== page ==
However, the Tories' greatest asset soon turned out to be Diefenbaker. The great-grandson of a German immigrant, his ethnic background attracted a new group of supporters to the traditionally Anglo-Saxon Tory party. He was also able to use his charisma to great success. This was the first Canadian election to be televised, and while only a minority of Canadians owned a television, most got some opportunity to see the candidates they were voting for. Diefenbaker was viewed as honest and dedicated, while the 75 year old St. Laurent was felt to be distant and humourless.

The worst moment for the Liberals, however, would be a rally at Maple Leaf Gardens in Toronto. While St. Laurent spoke on the stage, a 15 year old protester jumped on stage and tore up a poster. When security came to bring the boy off stage, he fell down a set of stairs and hit his head on the concrete floor, knocking him unconscious. While the boy turned out to be fine after being revived, the optics of having an opponent being hurt at the rally stung the Liberals. Diefenbaker would use this example in speeches, echoing the Pipeline Debate and perceived Liberal arrogance against opponents.

Social Credit campaigned on a platform of lowering personal income taxes by raising the basic amount of income exempt from tax by 50 percent to compensate for inflation; providing an old age pension of $60 per month for all pensioners, plus $40 a month extra for those in need; a national medicare plan for those provinces than want it; "parity prices" for farmers, and a program to sell surplus agricultural products to developing nations by accepting their own currencies instead of requiring payment in Canadian or US dollars; low-interest, long-term loans to encourage house construction; an income tax deduction for mortgage interest; and an end to the Bank of Canada's "tight money" policy. Social Credit won four additional seats, and increased its share of the popular vote by a small amount.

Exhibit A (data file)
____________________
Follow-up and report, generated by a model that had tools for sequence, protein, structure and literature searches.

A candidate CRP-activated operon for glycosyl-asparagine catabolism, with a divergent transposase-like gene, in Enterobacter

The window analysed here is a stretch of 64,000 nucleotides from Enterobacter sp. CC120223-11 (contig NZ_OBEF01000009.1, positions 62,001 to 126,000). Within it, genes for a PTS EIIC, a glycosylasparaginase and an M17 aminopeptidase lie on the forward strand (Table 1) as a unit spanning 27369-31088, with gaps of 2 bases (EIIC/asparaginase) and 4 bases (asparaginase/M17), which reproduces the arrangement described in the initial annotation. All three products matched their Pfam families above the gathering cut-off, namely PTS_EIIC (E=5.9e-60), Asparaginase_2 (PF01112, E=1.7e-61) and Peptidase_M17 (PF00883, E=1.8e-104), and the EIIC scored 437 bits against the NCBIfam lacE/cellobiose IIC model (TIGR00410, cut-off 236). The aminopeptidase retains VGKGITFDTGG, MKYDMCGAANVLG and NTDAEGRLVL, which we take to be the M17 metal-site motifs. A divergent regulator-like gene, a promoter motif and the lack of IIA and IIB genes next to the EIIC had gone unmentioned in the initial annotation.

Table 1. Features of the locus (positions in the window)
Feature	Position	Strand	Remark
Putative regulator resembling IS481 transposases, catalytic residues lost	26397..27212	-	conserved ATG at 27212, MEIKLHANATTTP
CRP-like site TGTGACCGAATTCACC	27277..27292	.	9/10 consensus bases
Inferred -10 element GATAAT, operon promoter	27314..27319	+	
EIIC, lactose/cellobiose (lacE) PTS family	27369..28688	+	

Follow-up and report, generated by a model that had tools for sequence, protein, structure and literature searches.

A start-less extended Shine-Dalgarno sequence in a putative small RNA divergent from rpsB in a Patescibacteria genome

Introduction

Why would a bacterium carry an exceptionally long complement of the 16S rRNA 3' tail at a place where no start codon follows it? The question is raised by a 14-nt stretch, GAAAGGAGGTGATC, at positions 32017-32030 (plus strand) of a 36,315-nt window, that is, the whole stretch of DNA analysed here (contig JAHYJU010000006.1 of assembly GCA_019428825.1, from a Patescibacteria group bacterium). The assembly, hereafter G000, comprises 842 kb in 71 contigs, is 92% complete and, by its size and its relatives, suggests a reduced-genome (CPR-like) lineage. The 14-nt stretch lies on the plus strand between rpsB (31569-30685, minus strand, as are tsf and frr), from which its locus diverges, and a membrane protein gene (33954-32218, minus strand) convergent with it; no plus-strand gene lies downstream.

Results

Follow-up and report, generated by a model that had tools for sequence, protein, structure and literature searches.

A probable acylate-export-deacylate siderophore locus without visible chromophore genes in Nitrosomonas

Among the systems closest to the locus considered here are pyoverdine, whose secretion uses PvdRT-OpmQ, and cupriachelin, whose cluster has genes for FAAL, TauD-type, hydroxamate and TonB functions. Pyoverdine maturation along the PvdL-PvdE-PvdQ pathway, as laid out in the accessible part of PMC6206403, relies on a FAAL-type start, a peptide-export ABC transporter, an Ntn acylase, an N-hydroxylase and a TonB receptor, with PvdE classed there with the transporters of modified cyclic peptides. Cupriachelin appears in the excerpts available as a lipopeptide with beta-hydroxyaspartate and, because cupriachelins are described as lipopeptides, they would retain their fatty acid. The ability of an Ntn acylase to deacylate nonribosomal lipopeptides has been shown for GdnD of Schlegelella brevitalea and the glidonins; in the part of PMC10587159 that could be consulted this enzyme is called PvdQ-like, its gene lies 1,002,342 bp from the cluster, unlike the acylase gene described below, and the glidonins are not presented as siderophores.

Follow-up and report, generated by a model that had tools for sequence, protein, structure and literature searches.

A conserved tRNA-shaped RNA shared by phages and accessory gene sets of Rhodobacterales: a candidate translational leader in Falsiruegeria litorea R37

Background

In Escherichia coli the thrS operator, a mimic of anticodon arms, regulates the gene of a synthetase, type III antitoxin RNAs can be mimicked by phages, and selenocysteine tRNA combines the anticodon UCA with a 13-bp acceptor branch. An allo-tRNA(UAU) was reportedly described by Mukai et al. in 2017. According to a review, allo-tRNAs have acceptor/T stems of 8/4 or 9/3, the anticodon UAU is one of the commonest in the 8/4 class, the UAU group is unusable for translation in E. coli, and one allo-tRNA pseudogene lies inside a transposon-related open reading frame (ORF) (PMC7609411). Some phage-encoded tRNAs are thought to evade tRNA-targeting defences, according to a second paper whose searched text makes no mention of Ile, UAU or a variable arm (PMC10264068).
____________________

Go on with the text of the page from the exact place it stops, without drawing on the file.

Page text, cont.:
The campaign was also the first in Canada to use modern political advertising techniques. PC strategists such as Dalton Camp and Allister Grosart ran a more tightly-planned campaign than any in Canadian history. An important strategy was almost completely ignoring the province of Quebec -- the PC strategists felt they had little chance there. They also believed they could win without the province.

In an era before widespread polling, the results of the election came as a surprise to most Canadians, including most politicians. The Liberals won the popular vote, but lost the election as they piled up massive majorities in Quebec. In the West, Ontario, and the Maritimes, the Tories gained enough seats to form a minority government. Noted Liberal ministers like C.D. Howe, the "Minister of Everything", lost their seats.

Many Canadians were overjoyed to see change, and spontaneous celebrations occurred in many parts of the country. The Canadian Broadcasting Corporation anchor covering the election famously lit a cigar in satisfaction with the results.


The Liberal defeat caused many high profile Liberals to resign and be replaced by younger members. St. Laurent resigned and was replaced by Lester B. Pearson. The Tory minority government lasted for less than a year before Diefenbaker called another election in which he won the largest majority in Canadian history, including winning many seats in Quebec.

National results

Turn-out: 74.1% of eligible voters voted.


1 The Liberal-Labour MP sat with the Liberal caucus.

* - not applicable - the party was not recognized in the previous election

x - less than 0.005% of the popular vote

Results by province

xx - less than 0.05% of the popular vote

ee also

*23rd Canadian Parliament

External links

* [ The Elections of 1957 and 1958, by P.E. Bryden]